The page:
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Intestinal obstruction

Paralytic ileus; Intestinal volvulus; Bowel obstruction; Ileus; Pseudo-obstruction - intestinal; Colonic ileus

 

Intestinal obstruction is a partial or complete blockage of the bowel. The contents of the intestine cannot pass through it.

Causes

 

Obstruction of the bowel may be due to:

  • A mechanical cause, which means something is in the way
  • Ileus, a condition in which the bowel does not work correctly, but there is no structural problem causing it

Paralytic ileus, also called pseudo-obstruction, is one of the major causes of intestinal obstruction in infants and children. Causes of paralytic ileus may include:

  • Bacteria or viruses that cause intestinal infections (gastroenteritis)
  • Chemical, electrolyte, or mineral imbalances (such as decreased potassium level)
  • Abdominal surgery
  • Decreased blood supply to the intestines
  • Infections inside the abdomen, such as appendicitis
  • Kidney or lung disease
  • Use of certain medicines, especially narcotics

Mechanical causes of intestinal obstruction may include:

  • Adhesions or scar tissue that forms after surgery
  • Foreign bodies (objects that are swallowed and block the intestines)
  • Gallstones (rare)
  • Hernias
  • Impacted stool
  • Intussusception (telescoping of 1 segment of bowel into another)
  • Tumors blocking the intestines
  • Volvulus (twisted intestine)

 

Symptoms

 

Symptoms may include:

  • Abdominal swelling (distention)
  • Abdominal fullness, gas
  • Abdominal pain and cramping
  • Breath odor
  • Constipation
  • Diarrhea
  • Inability to pass gas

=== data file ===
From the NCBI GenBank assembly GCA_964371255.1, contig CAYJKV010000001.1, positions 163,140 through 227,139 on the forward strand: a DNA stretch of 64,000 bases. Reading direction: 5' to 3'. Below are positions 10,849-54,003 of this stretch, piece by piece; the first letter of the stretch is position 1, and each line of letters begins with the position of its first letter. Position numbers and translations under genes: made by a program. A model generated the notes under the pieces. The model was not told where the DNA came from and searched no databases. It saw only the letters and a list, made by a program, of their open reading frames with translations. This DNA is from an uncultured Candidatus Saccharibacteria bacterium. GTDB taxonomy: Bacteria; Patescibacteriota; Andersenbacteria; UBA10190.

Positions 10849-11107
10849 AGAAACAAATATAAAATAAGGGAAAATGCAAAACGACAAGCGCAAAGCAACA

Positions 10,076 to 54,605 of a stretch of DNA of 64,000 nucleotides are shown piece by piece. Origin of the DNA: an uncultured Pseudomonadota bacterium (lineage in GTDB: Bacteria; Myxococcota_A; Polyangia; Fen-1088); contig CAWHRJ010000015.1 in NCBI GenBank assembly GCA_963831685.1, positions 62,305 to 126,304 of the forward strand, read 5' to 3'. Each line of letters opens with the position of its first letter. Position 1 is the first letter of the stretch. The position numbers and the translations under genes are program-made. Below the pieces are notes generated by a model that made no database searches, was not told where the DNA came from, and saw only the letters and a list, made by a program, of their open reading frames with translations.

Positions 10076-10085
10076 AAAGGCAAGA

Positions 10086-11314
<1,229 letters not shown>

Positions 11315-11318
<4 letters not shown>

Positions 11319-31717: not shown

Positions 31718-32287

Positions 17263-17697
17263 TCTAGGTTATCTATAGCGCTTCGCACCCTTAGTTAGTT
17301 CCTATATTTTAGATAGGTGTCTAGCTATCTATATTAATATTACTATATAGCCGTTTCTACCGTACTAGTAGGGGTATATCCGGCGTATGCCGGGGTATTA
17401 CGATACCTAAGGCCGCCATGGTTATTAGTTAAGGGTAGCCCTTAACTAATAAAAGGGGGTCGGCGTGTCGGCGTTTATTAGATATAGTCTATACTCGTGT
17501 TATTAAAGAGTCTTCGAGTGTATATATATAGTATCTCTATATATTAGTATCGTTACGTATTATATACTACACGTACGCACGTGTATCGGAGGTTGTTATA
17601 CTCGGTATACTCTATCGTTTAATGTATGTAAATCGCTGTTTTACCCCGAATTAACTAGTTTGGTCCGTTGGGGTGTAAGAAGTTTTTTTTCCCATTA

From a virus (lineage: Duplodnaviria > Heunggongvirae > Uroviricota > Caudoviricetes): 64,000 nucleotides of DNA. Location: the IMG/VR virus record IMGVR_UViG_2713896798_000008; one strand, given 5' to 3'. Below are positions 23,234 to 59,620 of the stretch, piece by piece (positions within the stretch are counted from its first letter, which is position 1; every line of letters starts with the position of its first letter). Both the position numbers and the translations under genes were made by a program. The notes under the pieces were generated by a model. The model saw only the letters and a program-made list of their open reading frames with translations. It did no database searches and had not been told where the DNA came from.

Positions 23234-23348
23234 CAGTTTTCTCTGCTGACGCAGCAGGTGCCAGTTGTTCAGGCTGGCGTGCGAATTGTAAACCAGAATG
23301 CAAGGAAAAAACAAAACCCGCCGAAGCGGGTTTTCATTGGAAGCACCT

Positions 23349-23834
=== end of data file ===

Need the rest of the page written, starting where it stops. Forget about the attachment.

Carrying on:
• Vomiting

 

Exams and Tests

 

During a physical exam, the health care provider may find bloating, tenderness, or hernias in the abdomen.

Tests that show obstruction include:

  • Abdominal CT scan
  • Abdominal x-ray
  • Barium enema
  • Upper GI and small bowel series

 

Treatment

 

Treatment involves placing a tube through the nose into the stomach or intestine. This is to help relieve abdominal swelling (distention) and vomiting. Volvulus of the large bowel may be treated by passing a tube into the rectum.

Surgery may be needed to relieve the obstruction if the tube does not relieve the symptoms. It may also be needed if there are signs of tissue death.

 

Outlook (Prognosis)

 

The outcome depends on the cause of the blockage. Most of the time, the cause is successfully treated.

 

Possible Complications

 

Complications may include or may lead to:

  • Electrolyte (blood chemical and mineral) imbalances
  • Dehydration
  • Hole (perforation) in the intestine
  • Infection
  • Jaundice (yellowing of the skin and eyes)

If the obstruction blocks the blood supply to the intestine, it may cause infection and tissue death (gangrene). Risks for tissue death are related to the cause of the blockage and how long it has been present. Hernias, volvulus, and intussusception carry a higher gangrene risk.

In a newborn, paralytic ileus that destroys the bowel wall (necrotizing enterocolitis) is a life-threatening condition. It may lead to blood and lung infections.

 

When to Contact a Medical Professional